States not sharing information related to terror financing: Centre2 min read . Updated: 13 Sep 2015, 11:27 PM IST
The centre set up a working group to asses the terror threat, its vulnerability in banking, insurance, capital market and financing institutions
New Delhi: The government’s efforts to deal with the menace of terror financing has hit a road block with no state government sharing information on national risk assessment on threats to various financial institutions and capital market. Following a recommendation of the Financial Action Task Force (FATF), an inter-governmental body that looks after how to combat money laundering, terrorist financing and other related threats, the centre set up a working group to asses the terror threat, its vulnerability in banking, insurance, capital market and financing institutions.
The group had sent a letter on 19 August to all state governments and union territories along with the three templates on “terrorism threat", “terrorism financing threat" and “terrorism financing vulnerability" asking them to reply by 30 August. “So far, no response has been received from any of the state governments or union territories," a senior government official said.
The first template on “terrorism threat" aims to determine the extent of the threat based on the sources as identified through enforcement and intelligence data on terrorism in the jurisdiction and related financing information. The template collects data on the organisations and individuals that pose terrorism threat to the jurisdiction. It requires information on terrorism cases which includes number of reported or investigated cases, number of convictions, number of international assistance requests received, sent, property damage.
Qualitative information on future trends, other intelligence, the level of terrorism threat—low, medium or high, level of sophistication of operation, organisation average costs of operation, annual operational budget of operation, main income sources, main sectors or channels abused and originating jurisdiction of funds, the impact of terrorism financing threat—low, medium or high are other information which the state governments have to provide.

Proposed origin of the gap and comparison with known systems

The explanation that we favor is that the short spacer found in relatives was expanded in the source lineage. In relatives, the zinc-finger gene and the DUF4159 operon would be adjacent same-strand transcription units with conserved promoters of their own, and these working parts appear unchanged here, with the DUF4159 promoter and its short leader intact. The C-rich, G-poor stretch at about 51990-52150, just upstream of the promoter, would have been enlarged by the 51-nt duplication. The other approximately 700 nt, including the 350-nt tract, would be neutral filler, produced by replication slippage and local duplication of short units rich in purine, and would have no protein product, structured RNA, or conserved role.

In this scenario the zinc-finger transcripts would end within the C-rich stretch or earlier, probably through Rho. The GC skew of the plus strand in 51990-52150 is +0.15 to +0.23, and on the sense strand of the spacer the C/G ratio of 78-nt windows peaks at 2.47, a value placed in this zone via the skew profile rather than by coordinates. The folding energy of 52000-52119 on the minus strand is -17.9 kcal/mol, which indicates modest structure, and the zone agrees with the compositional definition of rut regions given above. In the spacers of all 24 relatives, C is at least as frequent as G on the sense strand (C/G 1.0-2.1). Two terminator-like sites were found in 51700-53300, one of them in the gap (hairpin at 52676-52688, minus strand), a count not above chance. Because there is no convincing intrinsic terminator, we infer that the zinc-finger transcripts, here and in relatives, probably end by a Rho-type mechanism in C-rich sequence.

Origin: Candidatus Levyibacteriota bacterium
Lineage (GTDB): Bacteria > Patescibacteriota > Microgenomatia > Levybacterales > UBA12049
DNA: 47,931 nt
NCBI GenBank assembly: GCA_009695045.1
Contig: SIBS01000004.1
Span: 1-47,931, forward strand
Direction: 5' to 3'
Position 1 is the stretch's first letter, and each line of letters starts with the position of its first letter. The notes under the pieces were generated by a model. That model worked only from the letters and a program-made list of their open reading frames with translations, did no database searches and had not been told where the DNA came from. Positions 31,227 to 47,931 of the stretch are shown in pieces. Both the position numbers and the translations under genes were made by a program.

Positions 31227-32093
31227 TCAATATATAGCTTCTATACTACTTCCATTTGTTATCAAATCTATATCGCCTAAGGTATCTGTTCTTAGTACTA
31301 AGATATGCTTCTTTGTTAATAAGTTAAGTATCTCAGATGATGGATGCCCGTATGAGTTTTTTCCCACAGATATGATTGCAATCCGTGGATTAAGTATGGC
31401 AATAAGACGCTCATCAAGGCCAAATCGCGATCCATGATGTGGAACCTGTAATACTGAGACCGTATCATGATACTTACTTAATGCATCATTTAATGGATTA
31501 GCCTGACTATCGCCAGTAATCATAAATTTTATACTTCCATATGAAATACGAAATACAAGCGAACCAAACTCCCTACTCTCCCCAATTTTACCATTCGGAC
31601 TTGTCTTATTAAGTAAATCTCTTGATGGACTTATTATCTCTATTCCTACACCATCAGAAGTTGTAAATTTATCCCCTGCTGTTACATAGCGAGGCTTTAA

The second template on “terrorism financing threat" aims at identifying the direction of terrorism financing funds and the sources and channels that are being used for terrorism financing, using enforcement data and typology information as indicators. It seeks information on direction of funds, sources, criminal activity channels and overall terror financing threat.
On terror financing cases, it requires information on number of cases investigated, prosecuted, convicted, number of persons convicted, number of case files sent to law enforcement agencies, number of international assistance requests, received, sent, amount of terror financing funds seized or frozen or confiscated. On qualitative data, it requires information of Financial Intelligence Unit-Intelligence on terror financing, FATF mutual evaluation report (reference to source and destination of funds if available) on terror financing and estimation of undetected terror financing funds (incoming and outgoing). Lastly, it requires information on terror financing threat whether it is high, medium or low.
The third template on “terrorism financing vulnerability" aims at determining the strength of terrorism financing controls in the country context. It requires information on quality of legislation, quality of intelligence, effectiveness of terror financing related STRs, monitoring and analysis, adequacy of resources, effectiveness of international cooperation, awareness and commitments of terror financing, geographic and demographic factors and over all vulnerability of terror financing. All this information is to be classified according to strengths and positive aspects, weaknesses gaps and challenges, data, input from FATF, mutual evaluation report and negative impact on vulnerability.